Apple CEO Tim Cook has been forced to make a signed apology to Chinese customers after the company were accused of offering second-rate repair service on its iPhones and iPads.
Following allegations from government media that the Cupertino company has discriminated against Chinese users with poor quality return and warranty policies, Cook responded to what he called a "misunderstanding" between company and consumer.
"In the past two weeks, we have received a lot of feedback about Apple in China repair and warranty policy," Cook said.
"We are not only a profound reflection on these views, together with relevant departments to carefully study the "Three Guarantees", and also look at our maintenance policy communication and combing our management specifications of Apple Authorized Service Provider."
The drama centres around the usage of refurbished parts in the country, as opposed to new, as well as the need for a review of Apple's published return and repair policies regarding the iPhone 4 and 4S.
Despite the forceful accusations, led by the current ruling political party's newspaper, People's Daily, the attacks have backfired amongst loyal Chinese Apple consumers.
But in the face of a state run media baying for its blood, Apple responded to an article headlined "Strike down Apple's incomparable arrogance."
In the statement, posted in Chinese, Cook promised that all repaired phones will now receive a new one-year warranty from the date of repair, while dismissing claims that the company does not care about customers in China.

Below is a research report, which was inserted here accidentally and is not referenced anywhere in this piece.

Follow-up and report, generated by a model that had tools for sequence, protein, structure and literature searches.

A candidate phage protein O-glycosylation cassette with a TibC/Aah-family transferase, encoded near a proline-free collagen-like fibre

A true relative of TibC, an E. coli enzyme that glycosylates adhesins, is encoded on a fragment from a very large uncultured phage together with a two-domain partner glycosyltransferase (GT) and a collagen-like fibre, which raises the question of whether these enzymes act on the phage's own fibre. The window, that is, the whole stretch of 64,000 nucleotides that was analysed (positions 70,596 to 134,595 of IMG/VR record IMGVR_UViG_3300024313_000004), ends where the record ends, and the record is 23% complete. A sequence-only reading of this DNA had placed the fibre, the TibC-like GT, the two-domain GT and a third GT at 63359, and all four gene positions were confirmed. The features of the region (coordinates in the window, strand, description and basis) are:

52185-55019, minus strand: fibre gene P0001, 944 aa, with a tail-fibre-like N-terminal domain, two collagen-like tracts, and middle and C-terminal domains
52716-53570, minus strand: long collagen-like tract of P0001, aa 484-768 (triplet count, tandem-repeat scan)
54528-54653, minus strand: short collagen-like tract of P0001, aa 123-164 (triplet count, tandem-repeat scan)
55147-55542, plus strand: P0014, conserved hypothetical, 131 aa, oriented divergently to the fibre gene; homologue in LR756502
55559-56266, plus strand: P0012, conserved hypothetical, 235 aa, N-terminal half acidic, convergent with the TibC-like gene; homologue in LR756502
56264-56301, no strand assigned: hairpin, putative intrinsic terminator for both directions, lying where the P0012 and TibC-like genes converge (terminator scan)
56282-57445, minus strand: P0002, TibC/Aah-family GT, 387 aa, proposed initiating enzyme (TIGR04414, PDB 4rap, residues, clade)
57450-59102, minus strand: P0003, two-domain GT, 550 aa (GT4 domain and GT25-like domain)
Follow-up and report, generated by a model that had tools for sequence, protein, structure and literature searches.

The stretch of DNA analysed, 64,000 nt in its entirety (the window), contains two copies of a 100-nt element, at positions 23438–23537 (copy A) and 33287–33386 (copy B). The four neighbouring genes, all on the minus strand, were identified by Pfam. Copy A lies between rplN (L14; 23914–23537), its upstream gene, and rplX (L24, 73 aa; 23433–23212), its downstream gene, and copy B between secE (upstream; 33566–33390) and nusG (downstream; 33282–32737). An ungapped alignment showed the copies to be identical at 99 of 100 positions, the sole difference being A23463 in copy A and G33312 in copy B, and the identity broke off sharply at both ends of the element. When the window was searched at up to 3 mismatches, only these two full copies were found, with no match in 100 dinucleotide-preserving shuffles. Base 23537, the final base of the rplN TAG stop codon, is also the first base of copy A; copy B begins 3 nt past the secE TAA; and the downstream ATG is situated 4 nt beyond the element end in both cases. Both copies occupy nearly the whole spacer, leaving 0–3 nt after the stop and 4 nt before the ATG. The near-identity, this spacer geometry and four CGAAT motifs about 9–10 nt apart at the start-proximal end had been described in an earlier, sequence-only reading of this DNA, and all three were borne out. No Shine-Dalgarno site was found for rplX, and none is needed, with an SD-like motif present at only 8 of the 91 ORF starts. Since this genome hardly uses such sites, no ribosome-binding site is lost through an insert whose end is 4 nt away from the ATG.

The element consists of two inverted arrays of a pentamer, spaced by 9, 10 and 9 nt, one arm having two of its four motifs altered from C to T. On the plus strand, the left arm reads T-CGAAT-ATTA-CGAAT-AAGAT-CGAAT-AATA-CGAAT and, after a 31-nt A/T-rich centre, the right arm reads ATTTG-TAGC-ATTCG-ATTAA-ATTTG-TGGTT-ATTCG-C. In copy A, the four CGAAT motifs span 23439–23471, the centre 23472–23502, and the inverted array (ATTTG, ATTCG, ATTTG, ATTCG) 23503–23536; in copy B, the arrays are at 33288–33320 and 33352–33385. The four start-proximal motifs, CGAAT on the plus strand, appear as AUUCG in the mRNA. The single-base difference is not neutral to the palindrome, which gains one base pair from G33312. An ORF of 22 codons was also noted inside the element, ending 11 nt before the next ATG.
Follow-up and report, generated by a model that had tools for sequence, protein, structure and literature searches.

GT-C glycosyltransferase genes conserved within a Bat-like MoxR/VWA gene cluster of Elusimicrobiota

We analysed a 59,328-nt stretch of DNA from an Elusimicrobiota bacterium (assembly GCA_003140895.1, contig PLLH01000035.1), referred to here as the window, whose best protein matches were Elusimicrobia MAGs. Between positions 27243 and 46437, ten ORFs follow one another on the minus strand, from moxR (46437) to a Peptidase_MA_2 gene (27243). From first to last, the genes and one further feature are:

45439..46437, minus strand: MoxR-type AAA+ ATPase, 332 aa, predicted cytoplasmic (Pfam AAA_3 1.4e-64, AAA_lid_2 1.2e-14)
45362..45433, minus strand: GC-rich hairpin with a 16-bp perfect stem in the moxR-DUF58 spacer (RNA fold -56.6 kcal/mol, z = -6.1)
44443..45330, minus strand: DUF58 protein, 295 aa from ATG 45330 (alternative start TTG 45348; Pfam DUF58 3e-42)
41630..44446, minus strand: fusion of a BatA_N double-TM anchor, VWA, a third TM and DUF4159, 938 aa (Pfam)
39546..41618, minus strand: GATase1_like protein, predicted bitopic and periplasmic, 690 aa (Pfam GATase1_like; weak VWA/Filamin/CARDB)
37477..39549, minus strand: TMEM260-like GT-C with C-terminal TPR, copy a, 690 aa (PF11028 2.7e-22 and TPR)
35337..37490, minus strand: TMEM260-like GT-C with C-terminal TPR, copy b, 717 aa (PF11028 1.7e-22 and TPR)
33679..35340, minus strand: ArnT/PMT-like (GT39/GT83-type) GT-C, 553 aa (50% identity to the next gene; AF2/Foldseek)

"We are aware that, due to the lack of external communication in this process and lead to the speculation that Apple is arrogant and does not care or attach importance to consumer feedback," Cook said.
"We express our sincere apologies for any concerns or misunderstandings this gives consumers."
China is Apple's third largest market, accounting for around 13% of sales during 2012, meaning Cook was wise to bite the bullet and apologise, regardless of the facts behind the claims.
Cook, who believes China will replace North America as the company's biggest source of cash in the near future, signed off the letter in a typically cautious style:
"We appreciate the feedback that we've received, and we have a tremendous respect for China.
"Our customers here will always be central to our thoughts."
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